I am dumbfounded that there has been no drop in Barack Obama’s standing in the polls following revelations that he sat in Rev. Jeremiah Wright’s church for 20 years and did nothing, publicly or privately, to voice disagreement with Wright’s hate speech.
Indeed, Obama’s poll numbers are going up. The most recent CNN national poll shows Obama with 50 percent and Hillary with 40 percent of likely Democratic voters.
One reason for the uptick in Obama’s popularity may be that Hillary Clinton has had to explain her out-and-out falsehood of having been under sniper fire years ago in Bosnia. Her account of landing in Bosnia amidst sniper fire was totally demolished by a video clip taken at the time and now flashed all over tv showing her strolling across the tarmac with Chelsea to receive flowers and kisses from a waiting child.
Are the actions of our two United States senators, both candidates for the presidency, to be condemned equally? I don't think so. Hillary's failure, as gross as it may be, is related to self promotion. Barack's failure, in my judgment, is an out-and-out failure of moral strength, as he was unwilling to stand up to his bigoted minister, Wright, for 20 years while Wright denounced from the pulpit whites, Jews and the state of Israel.
We learned recently that Wright's defamatory comments published in church bulletins were, on occasion, also directed at Italians. ABC News reported on March 27, “Trumpet Newsmagazine, of which Wright is the chief executive officer, published an article written by Wright in which he described the crucifixion of Jesus as ‘public lynching Italian style.’” He also wrote, according to CNSNews.com, “The Italians for the most part looked down their garlic noses at the Galileans.” Finally, CNN reported on March 28 that, “They [church bulletins] also quote a historian who said that ‘what the Zionist Jews did to the Palestinians is worse than what the Nazis did to the Jews.’”
Let me report on the mail I received after my commentary of last week criticizing Sen. Obama and Rev. Wright. Some of that correspondence defended Wright's attacks on the U.S., whites, and Jews and Obama. Here are some excerpts from three readers of my commentary:
1. "I have read your recent message re: Sen. Obama's speech and I find your attacks totally unconvincing. The fact that you disregard the Reverend's positive contributions to his community and the positive aspects of the relationship between the Reverend and the Senator demonstrates either ignorance or bad faith, either of which is unbecoming of a man of your influence."
2. "I disagree with all that [Wright's charges against America] and ALL his hate speech. But I have no problem concluding that it does not represent Obama and that Obama should not be deemed unworthy of being president because he embraced the good in Wright and did not walk away when he heard the bad."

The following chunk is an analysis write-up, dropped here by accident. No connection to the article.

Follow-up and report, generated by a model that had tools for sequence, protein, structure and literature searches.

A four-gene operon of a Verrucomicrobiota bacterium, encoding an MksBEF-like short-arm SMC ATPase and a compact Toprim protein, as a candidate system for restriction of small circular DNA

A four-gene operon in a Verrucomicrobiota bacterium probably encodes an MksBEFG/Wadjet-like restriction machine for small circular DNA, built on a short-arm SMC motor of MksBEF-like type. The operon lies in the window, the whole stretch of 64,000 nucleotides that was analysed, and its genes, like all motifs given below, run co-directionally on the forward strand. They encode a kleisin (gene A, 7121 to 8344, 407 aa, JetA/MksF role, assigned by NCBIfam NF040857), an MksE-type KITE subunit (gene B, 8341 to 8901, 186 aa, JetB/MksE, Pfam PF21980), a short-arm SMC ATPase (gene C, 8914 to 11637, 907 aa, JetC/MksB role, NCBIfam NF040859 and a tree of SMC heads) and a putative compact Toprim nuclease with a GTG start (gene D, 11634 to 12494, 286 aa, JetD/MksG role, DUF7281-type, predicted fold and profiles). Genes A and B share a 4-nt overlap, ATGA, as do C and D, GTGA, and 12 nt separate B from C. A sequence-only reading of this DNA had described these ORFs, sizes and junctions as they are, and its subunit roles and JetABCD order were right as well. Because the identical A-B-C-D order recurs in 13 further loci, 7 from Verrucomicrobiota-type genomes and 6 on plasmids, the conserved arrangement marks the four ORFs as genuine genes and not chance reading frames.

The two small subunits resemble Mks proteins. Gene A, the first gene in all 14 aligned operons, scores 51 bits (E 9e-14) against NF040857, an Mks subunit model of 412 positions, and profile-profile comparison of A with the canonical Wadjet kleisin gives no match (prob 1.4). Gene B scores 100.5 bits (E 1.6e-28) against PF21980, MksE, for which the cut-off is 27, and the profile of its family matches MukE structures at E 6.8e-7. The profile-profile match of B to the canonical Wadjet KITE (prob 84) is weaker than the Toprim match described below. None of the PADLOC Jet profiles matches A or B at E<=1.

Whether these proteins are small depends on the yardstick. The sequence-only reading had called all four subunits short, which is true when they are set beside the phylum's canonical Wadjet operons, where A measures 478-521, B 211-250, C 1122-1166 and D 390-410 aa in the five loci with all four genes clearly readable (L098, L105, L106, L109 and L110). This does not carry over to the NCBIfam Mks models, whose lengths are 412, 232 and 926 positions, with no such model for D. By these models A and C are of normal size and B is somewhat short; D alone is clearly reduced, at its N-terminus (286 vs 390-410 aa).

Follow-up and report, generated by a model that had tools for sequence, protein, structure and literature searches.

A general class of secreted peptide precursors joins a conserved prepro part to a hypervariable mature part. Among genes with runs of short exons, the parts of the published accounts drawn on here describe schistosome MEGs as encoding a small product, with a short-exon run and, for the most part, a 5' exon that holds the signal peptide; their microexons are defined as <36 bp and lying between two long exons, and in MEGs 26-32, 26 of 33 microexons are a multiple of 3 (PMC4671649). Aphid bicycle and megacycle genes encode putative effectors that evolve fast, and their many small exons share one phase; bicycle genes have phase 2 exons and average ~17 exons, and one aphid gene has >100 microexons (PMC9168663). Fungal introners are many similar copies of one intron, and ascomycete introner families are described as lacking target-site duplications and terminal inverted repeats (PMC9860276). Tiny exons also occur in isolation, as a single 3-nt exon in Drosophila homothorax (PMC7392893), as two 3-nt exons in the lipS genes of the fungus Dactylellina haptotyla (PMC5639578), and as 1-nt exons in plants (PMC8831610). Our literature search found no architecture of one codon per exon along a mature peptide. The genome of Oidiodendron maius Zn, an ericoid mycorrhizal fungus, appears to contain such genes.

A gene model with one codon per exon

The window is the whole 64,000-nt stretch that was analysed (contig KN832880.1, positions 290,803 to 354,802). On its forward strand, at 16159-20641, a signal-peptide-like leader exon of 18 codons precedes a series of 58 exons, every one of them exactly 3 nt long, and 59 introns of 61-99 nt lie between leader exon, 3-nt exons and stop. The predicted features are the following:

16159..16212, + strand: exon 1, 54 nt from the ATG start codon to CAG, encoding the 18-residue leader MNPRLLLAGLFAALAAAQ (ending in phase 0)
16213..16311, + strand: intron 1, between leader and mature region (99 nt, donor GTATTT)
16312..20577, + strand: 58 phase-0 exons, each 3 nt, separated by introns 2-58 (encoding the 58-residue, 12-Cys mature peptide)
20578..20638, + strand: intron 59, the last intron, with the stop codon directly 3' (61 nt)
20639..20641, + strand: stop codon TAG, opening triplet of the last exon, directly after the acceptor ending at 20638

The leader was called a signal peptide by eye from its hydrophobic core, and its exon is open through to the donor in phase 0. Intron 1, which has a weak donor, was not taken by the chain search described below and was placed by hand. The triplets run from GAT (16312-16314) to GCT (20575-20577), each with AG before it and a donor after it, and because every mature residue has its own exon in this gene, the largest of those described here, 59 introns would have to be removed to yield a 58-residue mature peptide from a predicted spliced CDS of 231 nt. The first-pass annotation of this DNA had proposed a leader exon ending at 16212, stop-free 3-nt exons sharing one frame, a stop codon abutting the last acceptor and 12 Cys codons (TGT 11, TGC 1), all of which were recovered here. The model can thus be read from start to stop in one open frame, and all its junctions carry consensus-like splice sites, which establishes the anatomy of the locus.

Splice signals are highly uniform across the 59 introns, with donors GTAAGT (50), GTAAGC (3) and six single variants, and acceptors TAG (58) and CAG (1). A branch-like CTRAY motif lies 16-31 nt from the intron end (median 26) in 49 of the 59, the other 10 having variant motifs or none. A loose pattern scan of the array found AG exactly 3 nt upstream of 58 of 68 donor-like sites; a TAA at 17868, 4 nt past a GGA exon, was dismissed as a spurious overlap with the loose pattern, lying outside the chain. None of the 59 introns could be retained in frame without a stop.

3. "I thought Sen. Obama's race speech was one of the most inspiring, hopeful, uplifting speeches I have ever heard in modern politics. You and I have been in politics long enough to know that guilt by association is a great way to create doubts about a candidate, but I have no doubt Sen. Obama has the best chance of getting us beyond stereotypes."
These readers seek to excuse Barack Obama’s conduct, but I remain unconvinced. Obama told us in his brilliant and moving speech on March 18 that "I can no more disown him than I can disown the black community. I can no more disown him than I can disown my white grandmother," who engaged, he said, in racial stereotyping.
But now, on television talk programs, he tells us a somewhat different story.
According to The New York Times of March 29, "Mr. Obama, who has run the gamut of news shows in recent weeks to defuse the ado over his relationship with Mr. Wright, had no trouble finding longwinded words to demarcate his allegiance to his longtime pastor. 'Had the reverend not retired and had he not acknowledged that what he had said had deeply offended people and were inappropriate and mischaracterized what I believe is the greatness of this country, for all its flaws,' he said, 'then I wouldn't have felt comfortable staying there at the church.'"
Did something happen since his speech of March 18 when he, in effect, offered excuses for his pastor's hate speech and his own reaction? I think not.
Rather, I think he decided his prior silence was unacceptable. So now he tells us that but for his pastor's retirement and "acknowledge[ment] that what he had said deeply offended people and were inappropriate and mischaracterized," he would have left the church.
May I suggest Obama's sudden expressed desire to separate himself from his pastor came only after the media storm that followed the public outcry voiced at his pastor's remarks, particularly his having said, "No, no, not God Bless America. God damn America." If Obama becomes the Democratic nominee for president, he will be subject to withering attacks by the Republicans on this issue.
Does Obama's belated recognition of his minister's bigotry satisfy me? No, it does not. Indeed, I am surprised that Obama's description of his minister's hate speech, which he condemns, is limited to the words, "controversial," “inexcusable,” "inappropriate, "troubling” and “appalling.” Why hasn't he called it by its rightful name — hate speech?
I think what Hillary did in exaggerating the danger to her in Bosnia and seeking to convey a bravery that she did not exhibit in landing there years ago is to be condemned and not passed over as she and many of her supporters do, by saying that she "misspoke." Nevertheless, Obama's explanation of why he was silent until now and the manner in which he characterizes Wright's remarks are worse.
Interestingly, he also refers to an apology by the Rev. Wright, which I've not seen published anywhere. Have you?
And, more importantly, why did it take him 20 years to come to this conclusion?
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